Campus announces plans to construct new aquatics center

UC Berkeley announced plans for a new aquatics facility, to be located adjacent to the Tang Center, on Wednesday.
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UC Berkeley announced plans for a new aquatics facility, to be located adjacent to the Tang Center, on Wednesday.

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UC Berkeley announced plans for the construction of a new multimillion-dollar aquatics facility to alleviate overcrowding and provide more training space for athletes.

A public hearing took place on Wednesday regarding the construction of the $15 million aquatics center, which was proposed to address concerns of inadequate swimming facilities on campus. The Spieker Aquatics Complex, UC Berkeley’s only aquatic center, is used by NCAA athletes as well as community swimmers, students in physical-education classes and postgraduates.

“Currently, (users of the facility) share one pool for all training and competition at Spieker, which … puts pressure on the facility seven days a week,” said Herb Benenson, spokesperson for intercollegiate athletics. “These scheduling challenges reduce the availability for all who want to swim at Spieker.”

The new facility will be used for athletic training purposes only but will take much of the pressure off the Spieker Aquatics Complex to accommodate too many swimmers, according to the intercollegiate athletics website.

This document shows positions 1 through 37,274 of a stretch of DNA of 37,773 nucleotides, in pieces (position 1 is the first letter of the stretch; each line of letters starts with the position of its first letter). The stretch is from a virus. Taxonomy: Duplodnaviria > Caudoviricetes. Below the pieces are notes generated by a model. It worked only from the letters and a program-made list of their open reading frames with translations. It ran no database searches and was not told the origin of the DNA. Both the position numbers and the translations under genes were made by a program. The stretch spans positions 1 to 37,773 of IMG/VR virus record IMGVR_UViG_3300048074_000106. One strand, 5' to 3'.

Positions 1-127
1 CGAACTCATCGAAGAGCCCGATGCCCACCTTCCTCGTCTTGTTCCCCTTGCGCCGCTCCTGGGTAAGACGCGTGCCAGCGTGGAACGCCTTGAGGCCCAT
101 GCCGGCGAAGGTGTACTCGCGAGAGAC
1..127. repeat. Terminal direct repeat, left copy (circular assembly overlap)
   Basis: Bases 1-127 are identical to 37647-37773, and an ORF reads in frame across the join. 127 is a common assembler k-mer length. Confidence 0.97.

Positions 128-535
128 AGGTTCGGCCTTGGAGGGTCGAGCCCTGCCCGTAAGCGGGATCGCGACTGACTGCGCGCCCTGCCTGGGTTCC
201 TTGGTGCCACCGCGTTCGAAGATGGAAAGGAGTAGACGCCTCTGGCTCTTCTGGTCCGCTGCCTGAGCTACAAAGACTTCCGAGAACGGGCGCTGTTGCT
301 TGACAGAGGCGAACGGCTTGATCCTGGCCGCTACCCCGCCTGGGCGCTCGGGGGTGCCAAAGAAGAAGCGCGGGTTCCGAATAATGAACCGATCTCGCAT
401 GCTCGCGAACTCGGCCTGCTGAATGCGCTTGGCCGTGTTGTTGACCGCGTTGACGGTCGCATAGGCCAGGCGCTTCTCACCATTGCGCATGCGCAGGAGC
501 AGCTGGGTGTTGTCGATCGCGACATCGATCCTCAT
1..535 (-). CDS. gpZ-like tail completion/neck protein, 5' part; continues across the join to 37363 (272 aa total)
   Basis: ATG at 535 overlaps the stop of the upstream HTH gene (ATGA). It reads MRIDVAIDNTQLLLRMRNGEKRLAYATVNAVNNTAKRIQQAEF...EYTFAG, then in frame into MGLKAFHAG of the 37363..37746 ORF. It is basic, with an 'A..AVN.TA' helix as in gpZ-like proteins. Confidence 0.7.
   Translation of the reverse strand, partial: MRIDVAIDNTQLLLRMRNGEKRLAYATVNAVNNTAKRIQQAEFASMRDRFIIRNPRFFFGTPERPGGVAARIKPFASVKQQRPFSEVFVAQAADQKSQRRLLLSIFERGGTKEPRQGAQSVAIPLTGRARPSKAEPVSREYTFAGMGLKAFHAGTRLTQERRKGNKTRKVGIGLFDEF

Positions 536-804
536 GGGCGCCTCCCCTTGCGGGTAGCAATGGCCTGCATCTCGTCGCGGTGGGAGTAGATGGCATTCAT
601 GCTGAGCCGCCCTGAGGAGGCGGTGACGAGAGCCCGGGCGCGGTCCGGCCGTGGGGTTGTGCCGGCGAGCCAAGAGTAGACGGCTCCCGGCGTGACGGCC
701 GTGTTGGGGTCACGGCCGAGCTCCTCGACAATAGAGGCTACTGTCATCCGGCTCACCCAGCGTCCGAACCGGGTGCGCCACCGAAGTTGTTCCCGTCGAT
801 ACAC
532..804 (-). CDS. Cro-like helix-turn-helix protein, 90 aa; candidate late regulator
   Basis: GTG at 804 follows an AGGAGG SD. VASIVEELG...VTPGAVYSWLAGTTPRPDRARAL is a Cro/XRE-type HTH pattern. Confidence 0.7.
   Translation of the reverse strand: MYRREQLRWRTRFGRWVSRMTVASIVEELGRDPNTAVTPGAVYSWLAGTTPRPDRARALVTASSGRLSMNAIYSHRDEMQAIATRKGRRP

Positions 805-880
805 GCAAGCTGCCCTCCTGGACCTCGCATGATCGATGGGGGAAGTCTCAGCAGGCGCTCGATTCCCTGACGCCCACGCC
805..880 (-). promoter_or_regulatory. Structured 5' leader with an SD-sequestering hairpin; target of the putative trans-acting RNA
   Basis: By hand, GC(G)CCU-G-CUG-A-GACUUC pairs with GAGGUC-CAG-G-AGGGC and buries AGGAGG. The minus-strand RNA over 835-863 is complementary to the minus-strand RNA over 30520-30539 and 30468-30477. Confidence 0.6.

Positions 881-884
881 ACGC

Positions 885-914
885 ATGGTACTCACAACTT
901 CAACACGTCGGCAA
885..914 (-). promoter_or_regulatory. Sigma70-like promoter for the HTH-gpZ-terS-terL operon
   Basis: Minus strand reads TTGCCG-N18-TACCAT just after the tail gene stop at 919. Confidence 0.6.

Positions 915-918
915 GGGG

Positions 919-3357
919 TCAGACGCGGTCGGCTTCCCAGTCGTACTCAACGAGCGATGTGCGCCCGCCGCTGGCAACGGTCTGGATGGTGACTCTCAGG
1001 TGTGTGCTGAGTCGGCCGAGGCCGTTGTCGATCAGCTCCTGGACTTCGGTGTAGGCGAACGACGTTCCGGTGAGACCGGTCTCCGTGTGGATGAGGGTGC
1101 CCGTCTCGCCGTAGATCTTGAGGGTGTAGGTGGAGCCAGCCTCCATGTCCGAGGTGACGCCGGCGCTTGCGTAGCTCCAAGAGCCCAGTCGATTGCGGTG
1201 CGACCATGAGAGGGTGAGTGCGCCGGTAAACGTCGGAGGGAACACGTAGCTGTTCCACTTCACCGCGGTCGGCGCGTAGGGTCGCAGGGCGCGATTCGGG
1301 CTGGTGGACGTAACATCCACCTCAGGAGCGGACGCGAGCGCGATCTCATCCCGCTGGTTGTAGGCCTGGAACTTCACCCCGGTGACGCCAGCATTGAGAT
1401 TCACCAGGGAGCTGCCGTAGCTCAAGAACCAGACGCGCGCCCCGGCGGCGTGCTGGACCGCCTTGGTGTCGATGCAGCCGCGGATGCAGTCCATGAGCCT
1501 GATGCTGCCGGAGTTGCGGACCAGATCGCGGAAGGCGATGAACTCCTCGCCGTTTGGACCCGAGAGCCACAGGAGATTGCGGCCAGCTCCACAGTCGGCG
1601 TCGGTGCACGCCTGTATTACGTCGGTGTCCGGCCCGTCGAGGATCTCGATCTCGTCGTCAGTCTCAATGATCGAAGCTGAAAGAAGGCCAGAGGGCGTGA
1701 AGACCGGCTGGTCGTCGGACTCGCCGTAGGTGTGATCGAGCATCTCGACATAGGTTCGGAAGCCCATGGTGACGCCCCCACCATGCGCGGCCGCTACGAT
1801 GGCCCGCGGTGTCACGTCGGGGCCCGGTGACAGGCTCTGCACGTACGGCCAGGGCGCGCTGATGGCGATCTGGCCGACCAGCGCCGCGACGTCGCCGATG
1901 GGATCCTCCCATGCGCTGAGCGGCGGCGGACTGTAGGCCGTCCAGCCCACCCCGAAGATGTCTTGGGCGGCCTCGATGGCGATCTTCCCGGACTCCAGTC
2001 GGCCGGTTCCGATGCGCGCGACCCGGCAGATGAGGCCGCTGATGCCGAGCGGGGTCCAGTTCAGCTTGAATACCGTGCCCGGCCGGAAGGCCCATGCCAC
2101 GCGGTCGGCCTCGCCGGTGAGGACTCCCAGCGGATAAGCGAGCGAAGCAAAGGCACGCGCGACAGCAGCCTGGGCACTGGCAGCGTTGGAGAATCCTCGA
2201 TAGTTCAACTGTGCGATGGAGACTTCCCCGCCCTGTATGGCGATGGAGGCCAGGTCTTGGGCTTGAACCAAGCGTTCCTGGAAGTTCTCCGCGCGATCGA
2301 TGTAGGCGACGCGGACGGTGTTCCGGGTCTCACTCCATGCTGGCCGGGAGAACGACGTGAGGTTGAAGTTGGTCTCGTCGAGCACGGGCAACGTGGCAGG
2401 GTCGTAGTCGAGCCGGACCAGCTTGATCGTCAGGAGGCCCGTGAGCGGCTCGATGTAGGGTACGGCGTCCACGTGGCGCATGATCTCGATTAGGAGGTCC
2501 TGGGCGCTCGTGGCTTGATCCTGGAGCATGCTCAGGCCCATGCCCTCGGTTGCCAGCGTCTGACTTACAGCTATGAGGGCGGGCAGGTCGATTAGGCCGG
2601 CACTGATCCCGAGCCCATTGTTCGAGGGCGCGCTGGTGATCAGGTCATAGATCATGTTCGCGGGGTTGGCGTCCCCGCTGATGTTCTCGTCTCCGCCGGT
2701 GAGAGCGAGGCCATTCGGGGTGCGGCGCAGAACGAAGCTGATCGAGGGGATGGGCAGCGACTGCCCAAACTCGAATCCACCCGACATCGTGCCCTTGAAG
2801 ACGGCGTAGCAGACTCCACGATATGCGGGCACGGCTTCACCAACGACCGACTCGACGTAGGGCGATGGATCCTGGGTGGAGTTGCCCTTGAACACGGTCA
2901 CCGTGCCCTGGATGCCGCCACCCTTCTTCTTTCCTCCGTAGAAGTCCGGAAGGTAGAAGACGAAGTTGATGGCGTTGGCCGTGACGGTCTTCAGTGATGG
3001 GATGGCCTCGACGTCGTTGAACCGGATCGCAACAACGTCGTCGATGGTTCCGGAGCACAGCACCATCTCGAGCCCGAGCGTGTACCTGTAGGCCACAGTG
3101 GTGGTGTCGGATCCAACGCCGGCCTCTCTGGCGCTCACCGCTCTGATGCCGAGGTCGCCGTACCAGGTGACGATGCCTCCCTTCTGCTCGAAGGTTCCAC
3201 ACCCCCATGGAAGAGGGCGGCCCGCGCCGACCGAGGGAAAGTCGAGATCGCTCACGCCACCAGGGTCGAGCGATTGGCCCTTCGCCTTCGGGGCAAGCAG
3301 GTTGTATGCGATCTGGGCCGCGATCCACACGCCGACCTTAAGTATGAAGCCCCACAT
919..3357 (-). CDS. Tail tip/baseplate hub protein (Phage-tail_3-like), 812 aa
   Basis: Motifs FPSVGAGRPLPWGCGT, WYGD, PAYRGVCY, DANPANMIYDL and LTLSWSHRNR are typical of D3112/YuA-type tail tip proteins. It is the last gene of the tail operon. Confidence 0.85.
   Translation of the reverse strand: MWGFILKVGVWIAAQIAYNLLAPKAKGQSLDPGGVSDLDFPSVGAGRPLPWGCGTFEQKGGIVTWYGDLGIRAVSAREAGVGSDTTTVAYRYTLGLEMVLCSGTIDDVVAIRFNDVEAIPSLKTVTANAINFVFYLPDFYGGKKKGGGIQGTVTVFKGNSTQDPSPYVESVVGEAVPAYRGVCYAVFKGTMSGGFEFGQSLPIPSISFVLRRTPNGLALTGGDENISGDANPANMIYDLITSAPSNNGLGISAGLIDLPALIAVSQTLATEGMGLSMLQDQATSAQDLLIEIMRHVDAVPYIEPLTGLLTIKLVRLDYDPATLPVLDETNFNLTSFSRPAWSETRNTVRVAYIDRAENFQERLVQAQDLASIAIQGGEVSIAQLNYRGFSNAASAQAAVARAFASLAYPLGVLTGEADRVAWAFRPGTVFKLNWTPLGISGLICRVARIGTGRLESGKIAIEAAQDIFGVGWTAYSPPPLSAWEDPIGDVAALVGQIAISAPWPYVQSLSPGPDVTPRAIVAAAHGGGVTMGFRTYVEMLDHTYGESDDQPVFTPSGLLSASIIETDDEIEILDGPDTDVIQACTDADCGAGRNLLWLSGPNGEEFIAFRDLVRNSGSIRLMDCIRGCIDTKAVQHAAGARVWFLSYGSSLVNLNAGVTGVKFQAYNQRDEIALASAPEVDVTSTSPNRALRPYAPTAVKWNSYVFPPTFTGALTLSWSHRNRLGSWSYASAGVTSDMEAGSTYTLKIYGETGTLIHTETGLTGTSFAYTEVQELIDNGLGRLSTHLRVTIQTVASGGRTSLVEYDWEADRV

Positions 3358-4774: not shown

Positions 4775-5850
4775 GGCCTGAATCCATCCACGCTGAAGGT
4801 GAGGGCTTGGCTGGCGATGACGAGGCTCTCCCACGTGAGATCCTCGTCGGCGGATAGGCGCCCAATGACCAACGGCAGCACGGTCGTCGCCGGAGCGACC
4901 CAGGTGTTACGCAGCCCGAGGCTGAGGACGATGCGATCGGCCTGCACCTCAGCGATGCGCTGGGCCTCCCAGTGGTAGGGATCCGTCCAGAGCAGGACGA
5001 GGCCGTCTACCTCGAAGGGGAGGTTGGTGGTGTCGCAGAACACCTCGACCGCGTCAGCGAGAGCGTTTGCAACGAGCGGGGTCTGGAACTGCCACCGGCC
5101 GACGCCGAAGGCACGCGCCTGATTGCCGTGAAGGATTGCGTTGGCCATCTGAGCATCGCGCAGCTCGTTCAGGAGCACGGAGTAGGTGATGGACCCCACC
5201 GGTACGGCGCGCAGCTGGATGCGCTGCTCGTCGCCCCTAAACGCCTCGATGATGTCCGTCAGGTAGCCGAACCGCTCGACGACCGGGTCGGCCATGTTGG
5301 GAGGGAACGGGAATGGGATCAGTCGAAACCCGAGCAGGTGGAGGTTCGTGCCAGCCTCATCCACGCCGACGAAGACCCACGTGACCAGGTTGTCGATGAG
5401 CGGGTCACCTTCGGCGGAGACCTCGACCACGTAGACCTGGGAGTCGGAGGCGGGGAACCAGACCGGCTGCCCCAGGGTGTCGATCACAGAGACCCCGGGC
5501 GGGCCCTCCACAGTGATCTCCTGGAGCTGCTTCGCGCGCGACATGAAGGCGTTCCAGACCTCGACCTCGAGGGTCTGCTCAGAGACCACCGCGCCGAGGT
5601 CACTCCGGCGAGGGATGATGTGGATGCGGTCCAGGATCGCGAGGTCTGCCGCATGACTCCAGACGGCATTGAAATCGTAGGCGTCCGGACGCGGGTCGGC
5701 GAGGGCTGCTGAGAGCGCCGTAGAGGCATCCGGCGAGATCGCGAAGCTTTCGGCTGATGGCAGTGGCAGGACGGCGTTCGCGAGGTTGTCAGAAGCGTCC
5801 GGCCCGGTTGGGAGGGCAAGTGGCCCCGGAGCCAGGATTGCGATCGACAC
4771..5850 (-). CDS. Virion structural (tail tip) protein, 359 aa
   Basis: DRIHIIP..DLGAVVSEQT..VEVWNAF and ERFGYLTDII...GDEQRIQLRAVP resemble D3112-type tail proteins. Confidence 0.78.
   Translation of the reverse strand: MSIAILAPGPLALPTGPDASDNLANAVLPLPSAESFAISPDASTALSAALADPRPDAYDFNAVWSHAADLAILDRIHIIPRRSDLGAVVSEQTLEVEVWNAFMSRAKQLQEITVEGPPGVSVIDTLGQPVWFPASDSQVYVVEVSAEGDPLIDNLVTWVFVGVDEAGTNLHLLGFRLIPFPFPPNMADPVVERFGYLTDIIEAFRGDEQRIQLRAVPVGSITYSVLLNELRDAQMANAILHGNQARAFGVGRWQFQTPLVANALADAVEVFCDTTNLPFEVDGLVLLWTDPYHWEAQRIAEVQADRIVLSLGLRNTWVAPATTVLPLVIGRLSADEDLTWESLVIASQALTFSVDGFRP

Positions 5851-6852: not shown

The proposed location for the new facility is a university-owned parking lot next to the Tang Center. If the proposal is approved, the parking lot will be destroyed and replaced with the campus’s second aquatics center.

“The location is important for its proximity to Spieker pool,” said Jennifer McDougall, the principal planner responsible for review of the project under the California Environmental Quality Act. “The near-campus location helps meet project goals to reduce scheduling stress on student athletes.”

The proposal of replacing the parking lot is problematic, however, because the project is not strictly consistent with the city’s Southside Plan, a plan passed in 2011 to revitalize the area south of campus. Those who regularly park in the lot will have fewer spaces available to them and will have to consider alternatives to driving to campus or find parking elsewhere, according to McDougall.

The aquatics facility project is entirely funded by Cal Aquatic Legends, an independent nonprofit donor group founded to raise money for the project. The group will handle the building of the facility, overseeing the entire process from architectural plans to actual construction on the university-granted land, unlike similar projects typically controlled entirely by the campus.

“The facility is basically an exceedingly generous, in-kind gift,” McDougall said.

The public has the opportunity to submit commentary on the project’s Environmental Impact Report and its compliance with the Southside Plan until April 24. The UC Board of Regents will review the report and will have a chance to approve the project at its meeting in May.

“A new pool will provide the time, flexibility and space the Golden Bear teams need to continue to achieve at such a high level,” Benenson said. “The fact that Cal’s aquatic teams and so many individuals continue to excel is a remarkable accomplishment and a testament to their perseverance and the abilities of the coaching staff.”

Contact Claire Chiara at cchiar[email protected].

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